Projects tagged with ''wet-plate collodion''

Manual Project Books

Manual interior page

MANUAL: The Personalities of Hands is a book of portraits with a twist: personal stories and private secrets told through images of hands. Readers witness the diverse range of humanity through photographs and photograms of hands rather than traditional pictures of faces. The photographs also make up a fine art exhibition. Bill Westheimer has captured …

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Anthropocene

Anthropocene

2019 - Ongoing

Collodion Wet-plate collodion photogram on stone, stand made of welded steel and rock - 3.5"x5" up to 8"x8" not including stand

The “Anthropocene” fossils are imaginary records of flora and fauna that might be found in a future geologic era. They are evidence of what was and hints of how it might have been extinguished. Just as the real fossils found by humans fill in the story of what lived and how it died in earlier geologic era, these created fossils are evidence what what might be becoming extinct as a result of human activity.

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Propagation and Maple Seed Collodion

2003

Ilfochrome Photograms (Propagation) and Wet-Plate Collodion photograms on glass (Maple Seeds) Color images are 10"x8", Black and White are 5.5"x4.25"

Maple Seed and Propagation are photograms of maple seeds. The black and white photograms are made on collodion wet-plate glass negatives. The Propagation series images are made on Ilfochrome paper.

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Pythagoras

2016

Wet-Plate Collodion on Laser etched Trophy Aluminum (Tintype) 6"x8" or 6"x6" or 4.25"x5.5"

After 35 years of making photograms I felt challenged to make something new, but it seemed I had photogrammed every kind of object. I decided to create my own objects to make photograms with - and the best place to start is with simple geometric shapes.  I 3D printed geometric shapes which were placed on the wet tintype and exposed to light. Before making the photogram I laser-etched photographs of the geometric objects onto the aluminum to achieve a layered effect. I was able to produce new imagery of timeless shapes using 19th century analog process combined with 21st century laser etching and 3D printing.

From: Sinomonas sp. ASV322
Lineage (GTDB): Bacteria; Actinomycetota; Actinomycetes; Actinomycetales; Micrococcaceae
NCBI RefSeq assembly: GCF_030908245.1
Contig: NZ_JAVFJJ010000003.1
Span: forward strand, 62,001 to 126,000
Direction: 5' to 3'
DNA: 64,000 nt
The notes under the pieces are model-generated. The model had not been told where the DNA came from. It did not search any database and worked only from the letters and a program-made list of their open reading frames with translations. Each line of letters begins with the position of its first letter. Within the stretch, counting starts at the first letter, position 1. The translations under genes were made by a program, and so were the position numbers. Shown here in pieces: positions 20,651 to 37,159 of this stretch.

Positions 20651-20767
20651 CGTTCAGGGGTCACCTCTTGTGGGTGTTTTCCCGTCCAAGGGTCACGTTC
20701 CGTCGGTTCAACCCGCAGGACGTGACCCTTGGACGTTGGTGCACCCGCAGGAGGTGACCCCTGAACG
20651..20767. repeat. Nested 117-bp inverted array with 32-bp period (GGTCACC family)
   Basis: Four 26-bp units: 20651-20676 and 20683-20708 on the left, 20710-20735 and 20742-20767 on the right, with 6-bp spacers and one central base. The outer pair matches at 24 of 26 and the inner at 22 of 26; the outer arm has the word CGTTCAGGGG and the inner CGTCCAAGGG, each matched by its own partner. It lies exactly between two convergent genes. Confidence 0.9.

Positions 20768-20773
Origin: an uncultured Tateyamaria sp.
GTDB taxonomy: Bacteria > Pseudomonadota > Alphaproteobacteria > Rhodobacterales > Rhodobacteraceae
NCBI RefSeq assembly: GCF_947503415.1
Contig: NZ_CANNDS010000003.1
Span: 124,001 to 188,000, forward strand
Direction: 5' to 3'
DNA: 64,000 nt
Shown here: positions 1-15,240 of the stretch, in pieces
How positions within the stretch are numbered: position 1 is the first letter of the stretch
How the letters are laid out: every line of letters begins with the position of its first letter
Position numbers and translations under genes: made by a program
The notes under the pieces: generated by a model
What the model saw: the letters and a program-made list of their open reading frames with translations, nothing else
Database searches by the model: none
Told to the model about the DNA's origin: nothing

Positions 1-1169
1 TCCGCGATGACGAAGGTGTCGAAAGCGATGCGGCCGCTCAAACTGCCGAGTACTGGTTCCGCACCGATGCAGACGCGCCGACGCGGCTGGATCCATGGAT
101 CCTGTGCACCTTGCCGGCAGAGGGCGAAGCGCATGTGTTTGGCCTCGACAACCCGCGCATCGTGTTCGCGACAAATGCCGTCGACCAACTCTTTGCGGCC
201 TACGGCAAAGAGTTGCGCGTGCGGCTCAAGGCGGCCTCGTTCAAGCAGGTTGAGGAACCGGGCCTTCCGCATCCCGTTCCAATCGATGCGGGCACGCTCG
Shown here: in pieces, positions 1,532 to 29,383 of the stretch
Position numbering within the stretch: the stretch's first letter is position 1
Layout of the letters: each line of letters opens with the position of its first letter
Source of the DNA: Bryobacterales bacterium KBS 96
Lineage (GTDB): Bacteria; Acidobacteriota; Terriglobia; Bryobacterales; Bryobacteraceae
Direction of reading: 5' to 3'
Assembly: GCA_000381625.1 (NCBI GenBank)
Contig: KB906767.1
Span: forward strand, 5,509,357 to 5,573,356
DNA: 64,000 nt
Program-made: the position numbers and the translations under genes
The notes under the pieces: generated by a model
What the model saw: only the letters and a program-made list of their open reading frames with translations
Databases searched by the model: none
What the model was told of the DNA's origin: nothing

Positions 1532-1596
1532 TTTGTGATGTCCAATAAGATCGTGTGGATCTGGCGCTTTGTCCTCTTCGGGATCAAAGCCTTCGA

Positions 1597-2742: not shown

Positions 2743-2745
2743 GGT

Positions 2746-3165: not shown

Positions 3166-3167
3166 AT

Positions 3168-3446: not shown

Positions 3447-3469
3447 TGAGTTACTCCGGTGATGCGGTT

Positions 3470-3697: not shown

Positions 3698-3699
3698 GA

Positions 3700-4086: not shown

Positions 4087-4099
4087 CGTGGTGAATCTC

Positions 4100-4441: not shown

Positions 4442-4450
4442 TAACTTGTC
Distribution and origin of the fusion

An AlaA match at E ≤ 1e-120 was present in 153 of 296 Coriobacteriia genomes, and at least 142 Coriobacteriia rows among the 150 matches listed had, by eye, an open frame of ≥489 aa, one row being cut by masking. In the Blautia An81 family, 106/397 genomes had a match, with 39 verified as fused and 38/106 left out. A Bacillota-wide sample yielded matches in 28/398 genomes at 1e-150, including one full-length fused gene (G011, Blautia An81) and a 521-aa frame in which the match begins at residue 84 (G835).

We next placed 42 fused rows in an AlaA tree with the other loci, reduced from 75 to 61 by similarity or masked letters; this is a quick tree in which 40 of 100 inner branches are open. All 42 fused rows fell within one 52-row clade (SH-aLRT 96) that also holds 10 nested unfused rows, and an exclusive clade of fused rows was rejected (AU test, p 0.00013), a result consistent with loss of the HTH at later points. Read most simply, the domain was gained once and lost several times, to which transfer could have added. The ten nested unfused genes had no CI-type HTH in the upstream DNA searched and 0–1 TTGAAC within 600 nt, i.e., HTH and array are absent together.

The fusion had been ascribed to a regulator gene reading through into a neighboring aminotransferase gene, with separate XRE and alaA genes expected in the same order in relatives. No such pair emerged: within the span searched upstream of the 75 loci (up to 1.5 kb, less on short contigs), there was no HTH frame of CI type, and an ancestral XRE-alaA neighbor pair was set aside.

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Tintype Portrait of Nick

2012

Eleven collodion wet plate portraits made with color anodized aluminum mounted in a carefully spaced overlapping pattern standing off the black velvet background in a 18.5″ x 22.5″ frame

Eleven collodion wet plate portraits made with color anodized aluminum. The strobe light was so bright I didn’t want to photograph innocent subjects who might not be careful enough to avoid looking at the 5000 watt seconds of lights when they flashed. So I used the only subject who I trusted - my assistant Nick.

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Tintype Self-Portraits

2012

Thirty 3"x3" collodion wet-plate self-portrait photographs on color anodized trophy aluminum spaced 1/4" apart and standing 3/4" off the black background in a 21" x 24" frame.

Thirty collodion wet plate self portraits made with color anodized aluminum. The strobe light was so bright I didn't want to photograph innocent subjects who might not be careful enough to avoid looking at the 5000 watt seconds of lights when they flashed. So I used the only subject who is patient enough to sit for 30 portraits. The process required 3 days to complete all 30 plates.

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Clematis

2003-2005

The unique (edition of 1) collodion wet-plate glass negatives are 4.25"x5.5" and can be contact printed as salted paper prints or silver gelatin prints. All images have been scanned and are available as limited edition digital pigment print enlargements up to 40"x50".

Clematis is a climbing vine with gorgeous flowers. These photograms are of the flower after the bloom has wilted, lost its petals, and gone to seed. The clematis flowers are placed in the enlarger and projected onto a collodion wet-plate glass plate.

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Blog posts tagged with ''wet-plate collodion''

Tag: wet-plate collodion

An early photographic process. The collodion process, mostly synonymous with the “collodion wet plate process”, requires the photographic material to be coated, sensitized, exposed and developed within the span of about fifteen minutes, necessitating a darkroom for use in the field. The collodion process is said to have been invented in 1851. During the subsequent decades, many photographers and experimenters refined or varied the process. It was most commonly used from the 1860s to 1880’s it replaced the first announced photographic process, the daguerreotype. One collodion process, the tintype, was in limited use for casual portraiture by some itinerant and amusement park photographers as late as the 1930s.